“With companies looking to cost save, another challenge is a decrease in demand for premium stock. This, however, is a real positive for owners of B-grade commercial assets and the creative space option,” Olivia said.

Yet, B-grade space will not suit all tenant needs, as these spaces often do not meet the NABERS requirements that government and many major companies require.

Therefore, it is not surprising that a multi-incentive approach is being adopted by many landlords in an effort to maintain an acceptable face rent. Landlords have become more aggressive in their pursuit of new tenants, and agents are increasingly becoming more creative with incentive options.

The power of incentives

“Many hidden incentives are offered, such as early access provisions, no make goods and limits on market reviews at an uptake of an option,” Olivia said.

“Most commonly incentives are taken as a rent-free period, but we are also starting to see many owners agreeing to provide fitted-out or partially fitted-out office space to compete with the rise of sublease space availability.”

Institutional owners have driven the increase in incentives, but it is questionable whether the continued rise in incentives could further squeeze private owners out of the market.

“As agents we are optimists, and when faced with challenges it is important we continually look for new and better solutions for our clients, both tenants and landlords,” Olivia said.

“It is imperative to keep our clients up-to-date on competing stock and deals negotiated, especially when it comes to incentives.”

Education is key

Market conditions mean that tenants are now taking longer to reach decisions. Therefore, it is increasingly important to educate your clients on the market to ensure they have the tools they require to make decisions on the direction of a deal — whether it be a sublease, re-fit or new premises.



As of December 2012, Woolworths and Coles controlled over 70 per cent of the retail market share in Australia. Their dominance is put into context when you consider that the three major supermarket chains in the UK (Tesco, ASDA and Sainsbury’s) share a mere 50 per cent of the UK market.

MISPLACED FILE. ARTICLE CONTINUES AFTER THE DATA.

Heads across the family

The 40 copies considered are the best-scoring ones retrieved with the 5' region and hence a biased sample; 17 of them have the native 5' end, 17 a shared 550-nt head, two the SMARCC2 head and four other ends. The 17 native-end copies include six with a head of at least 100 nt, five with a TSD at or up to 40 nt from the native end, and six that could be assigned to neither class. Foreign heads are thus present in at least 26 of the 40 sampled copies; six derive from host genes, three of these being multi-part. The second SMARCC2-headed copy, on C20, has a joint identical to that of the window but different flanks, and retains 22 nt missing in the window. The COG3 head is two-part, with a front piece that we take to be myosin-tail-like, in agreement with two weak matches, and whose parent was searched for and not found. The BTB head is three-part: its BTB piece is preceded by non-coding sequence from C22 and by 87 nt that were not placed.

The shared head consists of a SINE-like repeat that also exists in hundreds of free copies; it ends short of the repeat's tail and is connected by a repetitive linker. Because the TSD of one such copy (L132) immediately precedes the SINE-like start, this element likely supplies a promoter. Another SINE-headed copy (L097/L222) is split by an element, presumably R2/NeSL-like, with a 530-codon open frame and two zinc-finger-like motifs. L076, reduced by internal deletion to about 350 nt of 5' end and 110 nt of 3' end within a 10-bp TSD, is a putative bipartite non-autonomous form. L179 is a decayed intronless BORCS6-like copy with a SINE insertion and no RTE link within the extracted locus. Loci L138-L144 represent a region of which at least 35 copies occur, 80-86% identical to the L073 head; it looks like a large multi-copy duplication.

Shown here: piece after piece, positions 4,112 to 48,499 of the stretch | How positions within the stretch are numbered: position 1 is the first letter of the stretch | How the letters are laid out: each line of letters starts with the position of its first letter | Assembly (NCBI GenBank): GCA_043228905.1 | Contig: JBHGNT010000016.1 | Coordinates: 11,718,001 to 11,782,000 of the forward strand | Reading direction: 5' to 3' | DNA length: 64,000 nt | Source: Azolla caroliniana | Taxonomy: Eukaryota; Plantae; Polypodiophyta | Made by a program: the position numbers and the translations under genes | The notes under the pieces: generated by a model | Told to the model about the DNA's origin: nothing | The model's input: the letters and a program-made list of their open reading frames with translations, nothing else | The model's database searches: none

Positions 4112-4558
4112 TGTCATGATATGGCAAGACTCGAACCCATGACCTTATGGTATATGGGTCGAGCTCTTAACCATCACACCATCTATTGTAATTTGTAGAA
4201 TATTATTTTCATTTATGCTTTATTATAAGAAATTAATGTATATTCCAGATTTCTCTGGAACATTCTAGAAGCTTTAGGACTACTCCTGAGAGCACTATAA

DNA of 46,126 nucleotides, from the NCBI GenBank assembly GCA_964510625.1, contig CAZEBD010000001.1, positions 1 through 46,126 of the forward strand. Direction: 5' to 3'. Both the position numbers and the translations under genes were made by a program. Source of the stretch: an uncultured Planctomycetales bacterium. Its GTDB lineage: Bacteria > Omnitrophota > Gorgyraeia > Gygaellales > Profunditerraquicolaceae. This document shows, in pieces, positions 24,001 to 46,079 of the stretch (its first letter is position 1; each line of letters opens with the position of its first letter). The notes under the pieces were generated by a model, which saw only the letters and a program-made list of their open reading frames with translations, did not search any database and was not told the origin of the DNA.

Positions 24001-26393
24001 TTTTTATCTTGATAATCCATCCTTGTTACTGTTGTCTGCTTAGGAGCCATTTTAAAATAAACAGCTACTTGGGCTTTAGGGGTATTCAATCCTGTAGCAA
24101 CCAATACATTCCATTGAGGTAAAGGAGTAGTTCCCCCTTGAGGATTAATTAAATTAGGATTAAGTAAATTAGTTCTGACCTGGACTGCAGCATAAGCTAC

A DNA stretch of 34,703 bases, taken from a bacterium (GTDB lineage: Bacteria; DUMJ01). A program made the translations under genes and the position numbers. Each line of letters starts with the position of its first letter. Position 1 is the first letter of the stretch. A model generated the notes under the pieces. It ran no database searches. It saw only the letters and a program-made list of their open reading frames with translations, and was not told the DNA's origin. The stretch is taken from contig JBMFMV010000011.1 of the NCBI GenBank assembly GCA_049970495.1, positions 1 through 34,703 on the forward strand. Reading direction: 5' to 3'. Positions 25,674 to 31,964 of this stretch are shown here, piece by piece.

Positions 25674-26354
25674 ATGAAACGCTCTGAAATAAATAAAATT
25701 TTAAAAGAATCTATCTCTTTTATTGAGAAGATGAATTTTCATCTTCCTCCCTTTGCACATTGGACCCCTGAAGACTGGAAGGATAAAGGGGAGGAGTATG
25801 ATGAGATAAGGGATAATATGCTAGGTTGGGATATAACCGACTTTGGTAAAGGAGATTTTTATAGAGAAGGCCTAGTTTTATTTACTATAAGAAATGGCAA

Their reach has extended across different sectors of the Australian market as they have moved into new areas of retail, including petrol stations, bottle shops, hardware and even car insurance, often at the expense of the old-fashioned suburban milk bar.

Food and drink demand

“The demand for retail, especially food and liquor, is extremely competitive. The market is the most competitive many of us can ever recall,” CBRE Capital Markets Director Daniel O’Brien said. He cited the ever-increasing population as a key driving factor.

“So while we have seen considerable pain over the past few years at the discretionary end of the market, in areas such as fashion retailing, the convenience end of the market and non-discretionary retailing has been very resilient — even during the Global Financial Crisis,” Daniel said.

“This has helped underpin continued investor interest in convenience retail assets and maintained pricing and yields at this end of the market.”

Moving online

According to the NAB Online Sales Index, online retailing has also offered many retailers the opportunity to extend their reach.

According to the NAB Online Sales Index, online sales rose 27 per cent to $13bn in the 12 months to January 2013. Retailers in Australia are adopting a “click and brick” approach.

“Shopping online is all about trust and there is no better way to build trust than by also having a physical store presence,” Daniel said.

“While some retailers downsize their store presence, we expect that the vast majority will embrace the multi-channel approach by developing their online presence, and also investing in new store openings and their existing stores.”

It seems agents are meeting the changing needs of the retail market aided by the increasing flexibility of the retailers.